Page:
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Human Resources Q & A: Put a stop to office gossip

Published on May 9, 2017 3:09PM

This column is sponsored by the Lower Columbia Human Resource Management Association. LCHRMA represents a gathering of Human Resources professionals. Join us each month for a luncheon and training that covers many aspects of employment law and human resources.

HR Questions and Answers:

“Great minds discuss ideas. Average minds converse about events. Small minds gossip about people.” — Socrates (loosely translated)

Q. What is gossip in the workplace?

A. Workplace gossip is a mode of informal communication among colleagues focused on the private, personal and sensitive affairs of others. Gossip is a failure of professional standards and creates a distrustful workplace culture. Often gossip is composed of partial fictions, misinformation, and conjecture mixed with exaggeration and sometimes spiced with an intent to harm. Gossip is a way to kick someone while they’re down or “shoot the wounded.”

Q. Is it harassment to gossip in the workplace?

A. Maybe. Indirect harassment also includes conduct/remarks or malicious gossip about an employee that may not be directed at him or her at the time. If the employee becomes aware of the demeaning remarks or gossip and is adversely affected as a result, then such indirect comments may constitute workplace harassment. If management or human resources is aware of the malicious gossip and does nothing to address the issue, the liability against the company becomes amplified.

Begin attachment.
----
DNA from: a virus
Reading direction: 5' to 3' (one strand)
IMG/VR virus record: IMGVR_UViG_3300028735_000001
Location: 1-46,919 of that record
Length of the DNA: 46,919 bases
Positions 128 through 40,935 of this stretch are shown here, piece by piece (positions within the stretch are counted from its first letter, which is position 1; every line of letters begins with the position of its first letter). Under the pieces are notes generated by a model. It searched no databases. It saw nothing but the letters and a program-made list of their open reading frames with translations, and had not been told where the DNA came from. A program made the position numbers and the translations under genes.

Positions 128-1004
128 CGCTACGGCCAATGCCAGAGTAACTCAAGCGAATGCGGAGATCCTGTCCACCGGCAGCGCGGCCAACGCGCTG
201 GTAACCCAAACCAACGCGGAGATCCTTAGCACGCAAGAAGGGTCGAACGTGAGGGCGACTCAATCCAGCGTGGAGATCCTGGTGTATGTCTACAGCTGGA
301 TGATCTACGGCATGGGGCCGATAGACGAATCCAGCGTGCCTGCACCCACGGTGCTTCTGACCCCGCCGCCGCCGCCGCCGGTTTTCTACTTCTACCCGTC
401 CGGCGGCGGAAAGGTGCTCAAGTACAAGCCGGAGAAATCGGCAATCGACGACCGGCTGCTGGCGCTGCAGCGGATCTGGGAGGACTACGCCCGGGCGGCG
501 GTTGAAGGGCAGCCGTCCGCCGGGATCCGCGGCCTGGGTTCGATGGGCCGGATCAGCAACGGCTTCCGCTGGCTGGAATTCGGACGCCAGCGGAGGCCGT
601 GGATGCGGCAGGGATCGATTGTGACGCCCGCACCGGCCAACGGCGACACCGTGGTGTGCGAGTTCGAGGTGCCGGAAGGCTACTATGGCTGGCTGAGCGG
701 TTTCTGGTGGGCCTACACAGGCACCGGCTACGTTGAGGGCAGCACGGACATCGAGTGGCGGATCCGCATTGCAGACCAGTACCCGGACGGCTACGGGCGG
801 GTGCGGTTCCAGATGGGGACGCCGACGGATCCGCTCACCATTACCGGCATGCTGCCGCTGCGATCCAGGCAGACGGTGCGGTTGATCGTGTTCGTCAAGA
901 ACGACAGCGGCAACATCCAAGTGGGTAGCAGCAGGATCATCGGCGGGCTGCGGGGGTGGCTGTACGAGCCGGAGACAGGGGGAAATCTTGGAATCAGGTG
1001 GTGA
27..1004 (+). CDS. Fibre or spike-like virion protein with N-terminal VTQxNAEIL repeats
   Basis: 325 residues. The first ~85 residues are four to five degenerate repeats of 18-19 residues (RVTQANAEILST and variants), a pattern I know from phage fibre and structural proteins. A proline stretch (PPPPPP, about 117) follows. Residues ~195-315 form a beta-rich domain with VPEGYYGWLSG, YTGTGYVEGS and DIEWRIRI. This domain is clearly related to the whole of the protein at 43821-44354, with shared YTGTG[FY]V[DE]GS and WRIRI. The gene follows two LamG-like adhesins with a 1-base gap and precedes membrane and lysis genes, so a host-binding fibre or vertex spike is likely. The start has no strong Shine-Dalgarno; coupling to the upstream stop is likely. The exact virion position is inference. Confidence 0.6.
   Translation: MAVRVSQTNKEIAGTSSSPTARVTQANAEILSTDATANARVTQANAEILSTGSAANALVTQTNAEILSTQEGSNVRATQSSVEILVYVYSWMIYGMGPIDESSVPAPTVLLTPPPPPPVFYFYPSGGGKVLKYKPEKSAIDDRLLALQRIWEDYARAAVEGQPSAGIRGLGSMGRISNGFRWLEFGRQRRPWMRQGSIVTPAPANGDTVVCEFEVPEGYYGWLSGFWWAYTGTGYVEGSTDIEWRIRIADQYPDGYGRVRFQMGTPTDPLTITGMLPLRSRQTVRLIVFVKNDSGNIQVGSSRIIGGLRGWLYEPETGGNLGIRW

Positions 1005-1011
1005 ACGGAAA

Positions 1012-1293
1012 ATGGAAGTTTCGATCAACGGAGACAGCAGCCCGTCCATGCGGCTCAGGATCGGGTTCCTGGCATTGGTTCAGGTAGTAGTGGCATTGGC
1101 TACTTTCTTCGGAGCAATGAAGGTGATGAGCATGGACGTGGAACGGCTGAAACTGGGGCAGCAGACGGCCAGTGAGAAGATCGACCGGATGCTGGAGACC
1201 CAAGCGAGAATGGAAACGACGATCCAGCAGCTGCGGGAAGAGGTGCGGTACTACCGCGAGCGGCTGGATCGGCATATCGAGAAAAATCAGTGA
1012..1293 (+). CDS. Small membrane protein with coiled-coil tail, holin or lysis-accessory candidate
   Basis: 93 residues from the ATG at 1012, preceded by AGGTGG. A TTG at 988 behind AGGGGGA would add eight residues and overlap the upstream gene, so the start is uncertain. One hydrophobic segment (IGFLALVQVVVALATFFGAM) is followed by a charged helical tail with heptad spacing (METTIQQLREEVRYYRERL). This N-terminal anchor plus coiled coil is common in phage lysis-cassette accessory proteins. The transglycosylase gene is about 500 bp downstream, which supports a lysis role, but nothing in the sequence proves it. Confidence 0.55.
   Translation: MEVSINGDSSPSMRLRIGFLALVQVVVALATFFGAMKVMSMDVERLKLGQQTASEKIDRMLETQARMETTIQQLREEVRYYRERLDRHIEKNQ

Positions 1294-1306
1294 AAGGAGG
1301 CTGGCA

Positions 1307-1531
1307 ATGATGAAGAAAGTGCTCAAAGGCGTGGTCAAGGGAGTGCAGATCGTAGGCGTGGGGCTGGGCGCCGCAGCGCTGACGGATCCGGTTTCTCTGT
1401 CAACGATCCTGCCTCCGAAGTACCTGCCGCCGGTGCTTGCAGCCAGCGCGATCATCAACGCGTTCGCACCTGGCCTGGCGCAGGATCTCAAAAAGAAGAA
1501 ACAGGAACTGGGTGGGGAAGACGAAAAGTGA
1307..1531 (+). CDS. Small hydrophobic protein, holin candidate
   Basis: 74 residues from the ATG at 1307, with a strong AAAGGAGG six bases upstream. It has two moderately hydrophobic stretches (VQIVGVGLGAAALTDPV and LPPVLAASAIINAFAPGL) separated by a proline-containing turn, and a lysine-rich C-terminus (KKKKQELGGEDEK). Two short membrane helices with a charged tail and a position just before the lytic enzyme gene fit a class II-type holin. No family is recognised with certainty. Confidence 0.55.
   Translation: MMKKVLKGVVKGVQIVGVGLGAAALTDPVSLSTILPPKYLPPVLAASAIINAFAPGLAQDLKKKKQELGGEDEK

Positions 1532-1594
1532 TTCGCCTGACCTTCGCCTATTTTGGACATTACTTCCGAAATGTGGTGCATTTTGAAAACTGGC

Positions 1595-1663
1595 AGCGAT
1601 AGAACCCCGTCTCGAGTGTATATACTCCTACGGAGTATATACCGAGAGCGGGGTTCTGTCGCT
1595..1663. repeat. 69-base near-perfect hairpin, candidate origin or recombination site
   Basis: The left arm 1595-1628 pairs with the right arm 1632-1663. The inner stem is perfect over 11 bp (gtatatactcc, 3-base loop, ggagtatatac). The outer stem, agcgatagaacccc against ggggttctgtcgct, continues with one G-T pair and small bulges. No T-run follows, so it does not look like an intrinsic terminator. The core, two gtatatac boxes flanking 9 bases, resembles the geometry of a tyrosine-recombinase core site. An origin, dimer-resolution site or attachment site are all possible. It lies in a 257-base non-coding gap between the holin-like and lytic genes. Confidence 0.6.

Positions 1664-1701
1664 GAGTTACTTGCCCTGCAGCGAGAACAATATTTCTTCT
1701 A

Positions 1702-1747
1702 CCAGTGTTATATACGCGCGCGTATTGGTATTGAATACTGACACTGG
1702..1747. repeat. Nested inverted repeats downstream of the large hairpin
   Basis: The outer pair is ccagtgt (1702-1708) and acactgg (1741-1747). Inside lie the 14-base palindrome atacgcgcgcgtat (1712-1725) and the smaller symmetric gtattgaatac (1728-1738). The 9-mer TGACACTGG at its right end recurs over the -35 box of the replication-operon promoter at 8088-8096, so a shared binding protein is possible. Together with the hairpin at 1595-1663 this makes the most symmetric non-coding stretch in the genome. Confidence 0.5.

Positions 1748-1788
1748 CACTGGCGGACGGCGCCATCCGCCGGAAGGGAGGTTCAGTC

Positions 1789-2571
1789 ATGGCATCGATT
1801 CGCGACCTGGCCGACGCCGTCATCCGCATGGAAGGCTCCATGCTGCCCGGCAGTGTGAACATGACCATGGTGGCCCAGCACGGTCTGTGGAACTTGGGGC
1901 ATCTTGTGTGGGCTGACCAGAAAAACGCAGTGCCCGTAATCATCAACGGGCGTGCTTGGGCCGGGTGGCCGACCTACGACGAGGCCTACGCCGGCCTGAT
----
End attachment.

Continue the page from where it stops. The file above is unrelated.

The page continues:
Q. Is gossip a form of defamation?

A. It could be depending on whether it is false, results in harm to another’s reputation, whether the words are spoken or written. Spoken defamation (slander) is limited to very specific subject areas that damage reputation. Defamation as written communication (libel), conveyed to a third party (someone other than the subject of the gossip) has wider complications and potential for damage. Gossip is almost always unnecessary and human resources managers must strive to terminate gossip at its source.

Coming events

May 3: Mary Hennessy, Cascade Centers — “Whole Person Wellness,” 11:30 a.m. to 1 p.m. at Fort George Brewery, 1483 Duane Street Astoria.

June 7: Dianna Gould, SHRM — “Effective Workplace Communication,” 11:30 a.m. to 1 p.m. at Fort George Brewery, 1483 Duane Street Astoria.

Please register online.


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